child with lined up itemsWhen my firstborn was a couple months old, I noticed that he didn't make eye contact with me. In fact, every single time I tried to hold him, he screamed. I'd HEARD that babies liked to be cuddled and fed, but I didn't have a frame of reference for this, being the last-born in my own family. So I assumed my kid was kinda stand-offish and let it go. I laid NEXT to him rather than with him.

My heart broke plenty, as he found greater comfort in his mobile than his mother. But that was just how he was ... right?

Sort of.

By his second birthday, his obsession with the solar system surpassed anything I could have expected a child to understand. He knew the moons of Jupiter -- all 37 of them -- and happily rattled them off to his pediatrician. Who, instead of being amazed and awe-struck, looked horrified and sent me to Early Intervention for screening and therapy. Turned out, my tiny son was autistic.

Because this was so long ago, however, "autism" wasn't on the lips of everyone. No one walked -- or ran -- for a cure. In fact, the only thing people knew about autism was some oblique reference to Rain Man.

As no one knew about it, I didn't spend a lot of time worrying about that diagnosis. I focused instead upon my tiny tot with a beautiful, big brain. Sure, he wasn't quite like other kids, but he was mine, and he was perfect. So what if he had a diagnosis? Hell, I did, too!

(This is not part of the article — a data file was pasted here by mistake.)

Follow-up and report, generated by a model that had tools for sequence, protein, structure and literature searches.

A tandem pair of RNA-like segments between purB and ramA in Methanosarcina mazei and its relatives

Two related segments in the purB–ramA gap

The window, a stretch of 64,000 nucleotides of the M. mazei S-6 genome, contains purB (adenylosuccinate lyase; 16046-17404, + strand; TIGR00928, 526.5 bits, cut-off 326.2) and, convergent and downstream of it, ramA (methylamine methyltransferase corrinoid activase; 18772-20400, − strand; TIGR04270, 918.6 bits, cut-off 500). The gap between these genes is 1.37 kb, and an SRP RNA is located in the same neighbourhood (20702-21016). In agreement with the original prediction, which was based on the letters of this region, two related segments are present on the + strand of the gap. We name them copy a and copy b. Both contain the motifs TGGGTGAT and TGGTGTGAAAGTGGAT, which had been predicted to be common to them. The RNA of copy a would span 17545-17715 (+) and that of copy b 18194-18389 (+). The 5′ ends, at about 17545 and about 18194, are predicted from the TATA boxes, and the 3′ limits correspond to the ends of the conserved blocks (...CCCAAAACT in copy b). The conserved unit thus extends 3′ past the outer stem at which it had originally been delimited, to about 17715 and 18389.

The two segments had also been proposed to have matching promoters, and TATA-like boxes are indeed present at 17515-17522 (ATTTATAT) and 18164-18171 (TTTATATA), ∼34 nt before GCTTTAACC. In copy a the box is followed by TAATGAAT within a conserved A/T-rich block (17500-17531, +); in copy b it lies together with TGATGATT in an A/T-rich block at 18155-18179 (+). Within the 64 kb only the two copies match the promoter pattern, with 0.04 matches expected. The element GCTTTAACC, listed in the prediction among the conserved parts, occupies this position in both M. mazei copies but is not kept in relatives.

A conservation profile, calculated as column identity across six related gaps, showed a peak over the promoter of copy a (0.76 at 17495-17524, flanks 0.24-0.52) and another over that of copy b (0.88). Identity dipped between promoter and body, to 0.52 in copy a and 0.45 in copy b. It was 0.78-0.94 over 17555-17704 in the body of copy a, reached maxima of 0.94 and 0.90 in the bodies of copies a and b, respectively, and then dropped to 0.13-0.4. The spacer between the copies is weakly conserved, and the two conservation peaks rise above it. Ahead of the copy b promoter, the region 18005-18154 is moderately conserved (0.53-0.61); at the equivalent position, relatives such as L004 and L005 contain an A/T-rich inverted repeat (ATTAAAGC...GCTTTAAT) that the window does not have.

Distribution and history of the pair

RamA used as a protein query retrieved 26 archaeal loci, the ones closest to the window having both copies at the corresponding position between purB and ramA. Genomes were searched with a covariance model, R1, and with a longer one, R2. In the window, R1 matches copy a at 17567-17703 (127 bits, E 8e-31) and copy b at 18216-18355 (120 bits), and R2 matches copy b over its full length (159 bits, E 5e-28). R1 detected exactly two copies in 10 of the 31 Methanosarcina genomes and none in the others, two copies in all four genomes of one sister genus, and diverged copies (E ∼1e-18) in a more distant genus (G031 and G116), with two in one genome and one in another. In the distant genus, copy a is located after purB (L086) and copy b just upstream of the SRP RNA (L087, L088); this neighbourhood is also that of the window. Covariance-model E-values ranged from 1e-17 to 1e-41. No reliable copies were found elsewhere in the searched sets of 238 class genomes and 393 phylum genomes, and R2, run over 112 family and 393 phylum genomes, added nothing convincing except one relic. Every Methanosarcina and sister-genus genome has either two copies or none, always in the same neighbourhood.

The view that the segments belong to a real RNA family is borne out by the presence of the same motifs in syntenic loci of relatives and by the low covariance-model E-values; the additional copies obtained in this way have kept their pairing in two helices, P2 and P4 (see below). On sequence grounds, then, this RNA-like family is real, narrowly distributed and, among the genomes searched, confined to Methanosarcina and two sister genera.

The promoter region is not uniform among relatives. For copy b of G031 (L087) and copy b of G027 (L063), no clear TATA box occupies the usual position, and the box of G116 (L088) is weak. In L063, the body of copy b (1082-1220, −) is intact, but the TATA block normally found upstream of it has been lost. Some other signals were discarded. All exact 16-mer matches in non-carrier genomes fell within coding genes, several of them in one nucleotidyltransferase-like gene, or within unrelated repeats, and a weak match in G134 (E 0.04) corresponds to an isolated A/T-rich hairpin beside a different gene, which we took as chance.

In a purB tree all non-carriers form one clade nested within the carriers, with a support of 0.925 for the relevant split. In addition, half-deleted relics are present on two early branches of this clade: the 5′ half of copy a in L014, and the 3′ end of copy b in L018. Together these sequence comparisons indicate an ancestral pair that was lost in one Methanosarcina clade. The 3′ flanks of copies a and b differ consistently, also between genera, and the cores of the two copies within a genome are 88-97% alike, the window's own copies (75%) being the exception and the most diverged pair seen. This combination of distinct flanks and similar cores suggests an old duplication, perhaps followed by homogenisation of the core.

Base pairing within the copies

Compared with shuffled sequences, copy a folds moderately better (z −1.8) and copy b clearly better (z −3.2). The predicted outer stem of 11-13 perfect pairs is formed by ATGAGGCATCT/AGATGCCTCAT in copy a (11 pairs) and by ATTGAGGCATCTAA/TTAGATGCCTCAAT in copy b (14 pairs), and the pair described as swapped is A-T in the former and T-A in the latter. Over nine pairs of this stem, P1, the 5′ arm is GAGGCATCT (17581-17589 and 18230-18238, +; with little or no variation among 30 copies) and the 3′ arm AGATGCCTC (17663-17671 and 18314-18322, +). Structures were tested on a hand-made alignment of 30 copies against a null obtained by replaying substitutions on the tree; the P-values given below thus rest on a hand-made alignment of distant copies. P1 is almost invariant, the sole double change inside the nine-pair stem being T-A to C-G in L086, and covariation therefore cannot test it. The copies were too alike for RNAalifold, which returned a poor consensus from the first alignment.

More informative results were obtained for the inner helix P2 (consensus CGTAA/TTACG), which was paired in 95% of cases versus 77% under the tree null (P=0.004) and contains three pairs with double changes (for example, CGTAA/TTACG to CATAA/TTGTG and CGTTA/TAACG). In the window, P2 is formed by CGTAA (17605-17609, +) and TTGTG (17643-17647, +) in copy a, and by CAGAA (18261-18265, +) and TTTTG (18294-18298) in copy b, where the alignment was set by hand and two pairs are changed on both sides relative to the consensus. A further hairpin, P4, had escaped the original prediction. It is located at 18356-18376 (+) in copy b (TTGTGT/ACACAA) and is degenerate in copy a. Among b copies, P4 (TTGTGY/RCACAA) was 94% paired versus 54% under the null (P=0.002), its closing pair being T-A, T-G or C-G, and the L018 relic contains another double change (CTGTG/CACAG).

The prevalence of autism is on the rise. According to the CDC, an average of 1 in 110 children in the US has an autistic spectrum disorder. So now you say, "My kid is autistic," and everyone knows what you're talking about. It's both good and bad.

Autism gets a bad rap. Certainly there are extreme cases of autism (just like any other disease), but for my kid, it just means that social interactions baffle him and that he's not a cuddly kid. There's a myriad of other things, too, but he's only lightly affected by the disorder.

I know how lucky we are.

I also know that the delicious quirks -- memorizing the moons of Jupiter and refusing to eat things that are colors other than white -- are simply to be enjoyed. They're quirky and adorable.

He's taught me to accept people as they are, not as you want them to be. That's a valuable lesson. He's also reminded me that people are bound to be different than your expectations and that, well, that is okay. We should all be able to see the world in the mystical ways he does. He reminds me to stop and look at patterns on garbage cans rather than the garbage can itself. It really IS the little things.

And he reminds me, time and again, that being normal is overrated.

That, in itself, is a priceless lesson.

What are priceless lessons your child has taught you?